The question a humanist would ask about this book is whether its view of what it is to be a human being is too limited. Were this true, Changeux’s project would be dangerous. The tunnel-vision views of economic determinists, communist and capitalist, of what human beings want from life, have been socially devastating (Bernanos 1953; Nussbaum 1995). Changeux is a Darwinist, and some neoDarwinians have advanced remarkably limited views of human nature (Polkinghorne 2005, pp. 41–55; Midgley 2010). Dawkins (1976, p. 2) argued that “we, and all other animals, are machines created by our genes… a predominant quality to be expected in a successful gene is ruthless selfishness. This gene selfishness will usually give rise to selfishness in human behavior…” Wilson (1975) accepted this implication. Changeux, however, does not.

The difference between Changeux and Polkinghorne reflects what they have read. Changeux has read, marked, learned and inwardly digested Darwin’s (1871) Descent of Man, which argues convincingly that human beings inherited their social insects from their social primate ancestors, which could not afford to act like egoists. Polkinghorne, by contrast, read neoDarwinians with an overly one-dimensional view of human beings, such as Wilson (1975), whose view of human nature is as limited as that of any economic determinist, but not other Darwinians who view human beings in an ampler social and intellectual context, such as Lorenz (1978), Durham (1991) and Changeux and Ricoeur (2000). Polkinghorne (2005), moreover, failed to recognize that faculties such as language, conceptual thought and reason that enhanced survival, ability to cooperate or attractiveness to mates, could also find other, unexpected uses, such as theoretical physics or music. Indeed, Changeux would have been wise to emphasize that faculties evolved for one purpose often find other, sometimes life-transforming uses.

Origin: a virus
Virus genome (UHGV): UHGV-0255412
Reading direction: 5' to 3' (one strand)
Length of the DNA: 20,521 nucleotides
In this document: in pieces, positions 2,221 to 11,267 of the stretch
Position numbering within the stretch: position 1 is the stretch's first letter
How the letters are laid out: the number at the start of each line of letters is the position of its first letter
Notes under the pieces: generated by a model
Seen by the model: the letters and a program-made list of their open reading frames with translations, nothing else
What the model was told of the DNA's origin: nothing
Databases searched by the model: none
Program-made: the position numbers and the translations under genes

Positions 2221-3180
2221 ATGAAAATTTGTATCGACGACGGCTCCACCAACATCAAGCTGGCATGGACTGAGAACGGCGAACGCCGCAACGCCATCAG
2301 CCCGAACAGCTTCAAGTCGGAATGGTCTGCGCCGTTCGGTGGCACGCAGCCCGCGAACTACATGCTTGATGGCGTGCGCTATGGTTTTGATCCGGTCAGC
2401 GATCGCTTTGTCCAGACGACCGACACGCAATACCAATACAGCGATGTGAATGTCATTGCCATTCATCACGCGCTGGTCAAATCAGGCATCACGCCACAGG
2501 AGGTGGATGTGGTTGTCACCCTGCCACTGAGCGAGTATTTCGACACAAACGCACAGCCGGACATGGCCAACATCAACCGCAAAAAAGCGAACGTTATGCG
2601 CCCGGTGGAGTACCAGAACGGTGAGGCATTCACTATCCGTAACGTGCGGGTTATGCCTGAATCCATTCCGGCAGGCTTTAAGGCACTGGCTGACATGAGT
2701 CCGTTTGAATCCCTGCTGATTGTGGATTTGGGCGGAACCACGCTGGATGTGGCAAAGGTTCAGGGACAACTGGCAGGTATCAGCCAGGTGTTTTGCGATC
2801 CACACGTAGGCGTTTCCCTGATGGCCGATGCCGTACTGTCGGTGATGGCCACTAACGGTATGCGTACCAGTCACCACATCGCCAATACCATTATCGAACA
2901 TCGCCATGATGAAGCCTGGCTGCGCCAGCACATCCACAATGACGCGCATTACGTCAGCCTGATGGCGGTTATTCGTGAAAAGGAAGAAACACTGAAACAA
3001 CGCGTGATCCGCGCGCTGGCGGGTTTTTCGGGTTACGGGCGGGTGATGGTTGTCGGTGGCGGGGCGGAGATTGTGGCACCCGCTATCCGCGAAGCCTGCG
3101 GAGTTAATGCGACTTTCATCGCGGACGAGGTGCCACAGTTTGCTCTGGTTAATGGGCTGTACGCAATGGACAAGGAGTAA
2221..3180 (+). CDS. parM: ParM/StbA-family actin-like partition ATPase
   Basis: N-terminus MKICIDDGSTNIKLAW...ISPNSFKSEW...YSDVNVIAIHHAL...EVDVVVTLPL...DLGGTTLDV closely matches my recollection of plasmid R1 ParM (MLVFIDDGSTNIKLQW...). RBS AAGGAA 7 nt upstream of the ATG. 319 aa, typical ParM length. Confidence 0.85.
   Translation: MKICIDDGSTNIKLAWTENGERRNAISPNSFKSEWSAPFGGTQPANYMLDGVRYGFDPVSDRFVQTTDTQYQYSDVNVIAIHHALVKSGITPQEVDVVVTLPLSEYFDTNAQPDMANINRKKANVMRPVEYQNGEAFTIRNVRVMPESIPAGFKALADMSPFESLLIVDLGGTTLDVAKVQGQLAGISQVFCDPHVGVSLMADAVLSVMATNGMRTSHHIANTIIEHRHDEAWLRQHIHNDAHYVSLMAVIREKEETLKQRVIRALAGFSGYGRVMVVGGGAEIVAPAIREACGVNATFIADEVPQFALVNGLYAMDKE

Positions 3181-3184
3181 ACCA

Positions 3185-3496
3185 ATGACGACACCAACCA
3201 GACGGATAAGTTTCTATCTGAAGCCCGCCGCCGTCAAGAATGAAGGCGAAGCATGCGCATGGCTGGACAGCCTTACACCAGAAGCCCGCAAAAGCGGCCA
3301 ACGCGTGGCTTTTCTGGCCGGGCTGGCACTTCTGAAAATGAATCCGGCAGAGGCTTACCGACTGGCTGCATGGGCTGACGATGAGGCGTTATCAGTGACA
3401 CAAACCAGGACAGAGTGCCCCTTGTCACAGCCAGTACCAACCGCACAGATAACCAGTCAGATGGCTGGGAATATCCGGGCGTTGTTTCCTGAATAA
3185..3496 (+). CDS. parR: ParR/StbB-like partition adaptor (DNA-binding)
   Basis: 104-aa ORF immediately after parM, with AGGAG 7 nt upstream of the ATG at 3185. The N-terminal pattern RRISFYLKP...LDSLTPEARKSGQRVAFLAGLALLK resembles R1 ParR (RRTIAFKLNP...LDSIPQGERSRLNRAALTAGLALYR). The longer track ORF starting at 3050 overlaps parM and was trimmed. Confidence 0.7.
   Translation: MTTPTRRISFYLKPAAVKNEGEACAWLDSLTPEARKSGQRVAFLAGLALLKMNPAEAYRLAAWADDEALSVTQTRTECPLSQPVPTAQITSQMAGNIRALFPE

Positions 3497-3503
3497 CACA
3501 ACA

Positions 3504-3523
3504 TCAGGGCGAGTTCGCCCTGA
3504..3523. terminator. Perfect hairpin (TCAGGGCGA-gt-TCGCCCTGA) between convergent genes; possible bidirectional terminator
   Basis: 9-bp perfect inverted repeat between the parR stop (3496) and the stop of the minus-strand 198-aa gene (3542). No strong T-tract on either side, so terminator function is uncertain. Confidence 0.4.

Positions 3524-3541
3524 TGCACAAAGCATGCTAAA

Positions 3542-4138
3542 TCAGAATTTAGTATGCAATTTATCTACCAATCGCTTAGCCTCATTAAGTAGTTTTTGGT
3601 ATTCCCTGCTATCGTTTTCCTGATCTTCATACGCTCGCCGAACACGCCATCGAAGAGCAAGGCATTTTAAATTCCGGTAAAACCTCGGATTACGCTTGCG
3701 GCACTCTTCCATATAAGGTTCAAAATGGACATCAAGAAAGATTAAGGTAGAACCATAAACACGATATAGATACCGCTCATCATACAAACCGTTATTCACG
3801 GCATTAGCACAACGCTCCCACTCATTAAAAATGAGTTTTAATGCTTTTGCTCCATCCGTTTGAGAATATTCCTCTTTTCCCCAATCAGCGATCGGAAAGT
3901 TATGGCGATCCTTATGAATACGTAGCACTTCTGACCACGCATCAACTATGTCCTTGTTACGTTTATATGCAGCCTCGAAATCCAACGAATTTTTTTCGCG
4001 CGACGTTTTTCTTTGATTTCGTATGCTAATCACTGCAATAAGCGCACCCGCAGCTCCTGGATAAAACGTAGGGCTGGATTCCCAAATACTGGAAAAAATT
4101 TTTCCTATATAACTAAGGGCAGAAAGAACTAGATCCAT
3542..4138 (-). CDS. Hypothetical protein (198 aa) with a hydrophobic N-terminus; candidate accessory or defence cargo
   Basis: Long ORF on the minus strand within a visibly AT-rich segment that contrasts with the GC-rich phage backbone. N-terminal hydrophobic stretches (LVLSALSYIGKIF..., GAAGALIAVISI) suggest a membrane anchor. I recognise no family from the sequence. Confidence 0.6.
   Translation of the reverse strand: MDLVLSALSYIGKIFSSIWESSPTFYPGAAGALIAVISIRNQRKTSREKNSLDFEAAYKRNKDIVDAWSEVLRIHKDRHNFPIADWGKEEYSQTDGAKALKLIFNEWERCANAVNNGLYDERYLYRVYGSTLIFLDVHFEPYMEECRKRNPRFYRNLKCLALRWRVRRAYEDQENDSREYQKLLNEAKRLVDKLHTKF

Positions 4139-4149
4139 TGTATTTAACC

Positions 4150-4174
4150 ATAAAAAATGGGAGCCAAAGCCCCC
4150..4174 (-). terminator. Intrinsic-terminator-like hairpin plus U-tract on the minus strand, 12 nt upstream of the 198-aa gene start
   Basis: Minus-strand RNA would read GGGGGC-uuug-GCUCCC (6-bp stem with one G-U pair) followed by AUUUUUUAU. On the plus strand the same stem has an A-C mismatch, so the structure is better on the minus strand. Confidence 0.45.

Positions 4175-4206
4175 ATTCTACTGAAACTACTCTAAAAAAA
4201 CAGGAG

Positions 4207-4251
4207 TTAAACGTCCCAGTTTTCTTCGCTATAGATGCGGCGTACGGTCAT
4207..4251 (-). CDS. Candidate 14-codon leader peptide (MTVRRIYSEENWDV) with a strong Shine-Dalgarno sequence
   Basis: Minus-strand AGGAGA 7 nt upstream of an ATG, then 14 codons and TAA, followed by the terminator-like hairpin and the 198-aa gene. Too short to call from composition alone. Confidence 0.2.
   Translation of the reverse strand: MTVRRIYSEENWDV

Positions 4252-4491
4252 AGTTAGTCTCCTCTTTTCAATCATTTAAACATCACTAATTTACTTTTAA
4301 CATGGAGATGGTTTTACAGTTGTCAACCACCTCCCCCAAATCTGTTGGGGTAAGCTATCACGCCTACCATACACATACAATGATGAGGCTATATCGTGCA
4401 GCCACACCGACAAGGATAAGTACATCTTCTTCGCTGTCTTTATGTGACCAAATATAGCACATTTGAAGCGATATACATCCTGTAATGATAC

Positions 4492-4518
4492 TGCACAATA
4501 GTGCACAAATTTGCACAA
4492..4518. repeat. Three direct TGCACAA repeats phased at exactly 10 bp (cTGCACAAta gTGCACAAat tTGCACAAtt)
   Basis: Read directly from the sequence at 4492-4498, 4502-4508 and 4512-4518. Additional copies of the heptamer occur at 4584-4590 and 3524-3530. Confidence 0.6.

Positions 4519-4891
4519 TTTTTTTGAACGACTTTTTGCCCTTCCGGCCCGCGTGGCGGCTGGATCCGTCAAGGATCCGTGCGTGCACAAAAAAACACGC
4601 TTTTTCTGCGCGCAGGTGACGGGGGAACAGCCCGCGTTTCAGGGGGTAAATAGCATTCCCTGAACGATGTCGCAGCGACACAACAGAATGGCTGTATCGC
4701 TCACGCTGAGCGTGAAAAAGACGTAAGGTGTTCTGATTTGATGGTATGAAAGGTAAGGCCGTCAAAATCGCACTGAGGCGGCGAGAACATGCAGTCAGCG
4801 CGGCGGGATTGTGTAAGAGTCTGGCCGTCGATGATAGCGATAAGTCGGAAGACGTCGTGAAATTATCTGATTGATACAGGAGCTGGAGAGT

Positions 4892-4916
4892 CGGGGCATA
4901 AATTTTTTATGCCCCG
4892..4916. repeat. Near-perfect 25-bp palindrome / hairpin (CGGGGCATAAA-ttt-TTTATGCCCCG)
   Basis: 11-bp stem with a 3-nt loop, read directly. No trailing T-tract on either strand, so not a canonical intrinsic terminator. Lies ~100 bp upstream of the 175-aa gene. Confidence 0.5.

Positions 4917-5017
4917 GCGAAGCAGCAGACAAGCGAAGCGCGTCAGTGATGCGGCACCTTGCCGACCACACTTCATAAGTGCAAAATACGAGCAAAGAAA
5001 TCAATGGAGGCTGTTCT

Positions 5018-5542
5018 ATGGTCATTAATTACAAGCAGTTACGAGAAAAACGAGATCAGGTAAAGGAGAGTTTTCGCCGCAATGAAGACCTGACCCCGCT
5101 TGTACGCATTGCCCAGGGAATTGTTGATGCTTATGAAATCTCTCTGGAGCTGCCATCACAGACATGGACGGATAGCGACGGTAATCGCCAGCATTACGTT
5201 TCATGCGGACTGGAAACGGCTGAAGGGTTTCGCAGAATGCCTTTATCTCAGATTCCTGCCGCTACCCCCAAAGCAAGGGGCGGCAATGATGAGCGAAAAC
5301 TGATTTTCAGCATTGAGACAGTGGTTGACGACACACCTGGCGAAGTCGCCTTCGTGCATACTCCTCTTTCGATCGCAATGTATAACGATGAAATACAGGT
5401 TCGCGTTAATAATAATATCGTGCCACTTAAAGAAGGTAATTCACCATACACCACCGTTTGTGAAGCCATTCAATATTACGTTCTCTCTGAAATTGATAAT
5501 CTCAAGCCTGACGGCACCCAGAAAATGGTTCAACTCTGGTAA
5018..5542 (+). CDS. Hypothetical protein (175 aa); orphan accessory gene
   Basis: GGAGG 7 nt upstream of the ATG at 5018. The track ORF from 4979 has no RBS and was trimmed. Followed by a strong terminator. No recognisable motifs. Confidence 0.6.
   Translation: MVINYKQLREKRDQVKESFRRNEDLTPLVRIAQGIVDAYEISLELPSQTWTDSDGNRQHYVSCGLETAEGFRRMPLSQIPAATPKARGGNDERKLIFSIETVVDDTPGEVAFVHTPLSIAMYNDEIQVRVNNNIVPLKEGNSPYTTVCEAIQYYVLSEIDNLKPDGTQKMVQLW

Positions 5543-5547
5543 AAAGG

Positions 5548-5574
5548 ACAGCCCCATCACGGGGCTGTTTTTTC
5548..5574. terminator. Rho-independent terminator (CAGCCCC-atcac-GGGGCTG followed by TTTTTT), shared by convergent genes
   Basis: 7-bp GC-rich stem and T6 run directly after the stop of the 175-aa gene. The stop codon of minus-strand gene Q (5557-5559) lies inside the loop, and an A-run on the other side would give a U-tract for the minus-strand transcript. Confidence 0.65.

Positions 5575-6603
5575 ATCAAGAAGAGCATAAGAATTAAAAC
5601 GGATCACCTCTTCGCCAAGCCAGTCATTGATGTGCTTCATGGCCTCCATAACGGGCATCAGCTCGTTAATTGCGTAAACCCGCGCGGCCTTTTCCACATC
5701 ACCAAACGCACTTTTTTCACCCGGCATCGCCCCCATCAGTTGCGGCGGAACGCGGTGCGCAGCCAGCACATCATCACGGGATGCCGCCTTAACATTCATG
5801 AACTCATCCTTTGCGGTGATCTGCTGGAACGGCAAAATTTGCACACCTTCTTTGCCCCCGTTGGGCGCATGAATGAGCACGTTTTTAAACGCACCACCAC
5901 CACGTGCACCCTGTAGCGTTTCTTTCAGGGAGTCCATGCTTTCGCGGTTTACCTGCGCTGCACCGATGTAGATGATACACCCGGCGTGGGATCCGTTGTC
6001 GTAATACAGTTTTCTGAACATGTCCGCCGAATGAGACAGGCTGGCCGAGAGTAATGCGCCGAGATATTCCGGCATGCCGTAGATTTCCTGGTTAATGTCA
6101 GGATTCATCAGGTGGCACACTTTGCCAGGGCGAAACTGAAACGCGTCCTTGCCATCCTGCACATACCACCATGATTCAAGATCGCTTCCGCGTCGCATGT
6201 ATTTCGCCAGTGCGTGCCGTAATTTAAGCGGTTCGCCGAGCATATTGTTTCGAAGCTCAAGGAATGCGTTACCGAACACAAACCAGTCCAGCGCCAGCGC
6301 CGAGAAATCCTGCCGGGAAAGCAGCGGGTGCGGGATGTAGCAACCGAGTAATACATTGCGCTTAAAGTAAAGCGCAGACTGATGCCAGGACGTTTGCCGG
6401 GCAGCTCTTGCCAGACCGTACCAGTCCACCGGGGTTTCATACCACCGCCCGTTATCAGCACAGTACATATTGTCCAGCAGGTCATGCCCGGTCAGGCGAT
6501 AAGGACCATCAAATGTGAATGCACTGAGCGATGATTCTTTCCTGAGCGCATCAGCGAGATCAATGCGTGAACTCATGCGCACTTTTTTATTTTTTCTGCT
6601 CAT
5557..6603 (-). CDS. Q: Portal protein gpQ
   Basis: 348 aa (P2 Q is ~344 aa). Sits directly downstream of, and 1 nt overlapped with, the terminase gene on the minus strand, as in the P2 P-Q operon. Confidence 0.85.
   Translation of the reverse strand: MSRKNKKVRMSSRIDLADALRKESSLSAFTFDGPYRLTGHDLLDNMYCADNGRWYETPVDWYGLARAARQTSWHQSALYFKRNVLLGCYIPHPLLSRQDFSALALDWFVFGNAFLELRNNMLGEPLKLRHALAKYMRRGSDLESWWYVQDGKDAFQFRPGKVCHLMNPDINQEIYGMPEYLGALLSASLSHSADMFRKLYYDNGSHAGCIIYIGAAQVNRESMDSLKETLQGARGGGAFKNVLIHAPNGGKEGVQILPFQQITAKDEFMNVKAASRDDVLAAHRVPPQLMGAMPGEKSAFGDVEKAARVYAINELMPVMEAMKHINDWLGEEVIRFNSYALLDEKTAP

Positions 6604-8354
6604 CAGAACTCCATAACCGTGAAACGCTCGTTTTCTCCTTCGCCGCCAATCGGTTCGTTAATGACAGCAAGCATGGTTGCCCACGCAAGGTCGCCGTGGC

Whether, and if so how soon, the research program Changeux outlines here will attain its goal, I cannot say. I do not think that someone who has exposed his work to criticism by a moral philosopher of the stature of Paul Ricoeur has a seriously inadequate view of what it means to be human. I think Changeux’s project is worth doing, indeed, of exceptional interest. In sum, I recommend this book as a genuinely useful attempt to bridge the sciences and the humanities. It gives the reader a lot to think about.


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Authors’ Affiliations

Smithsonian Tropical Research Institute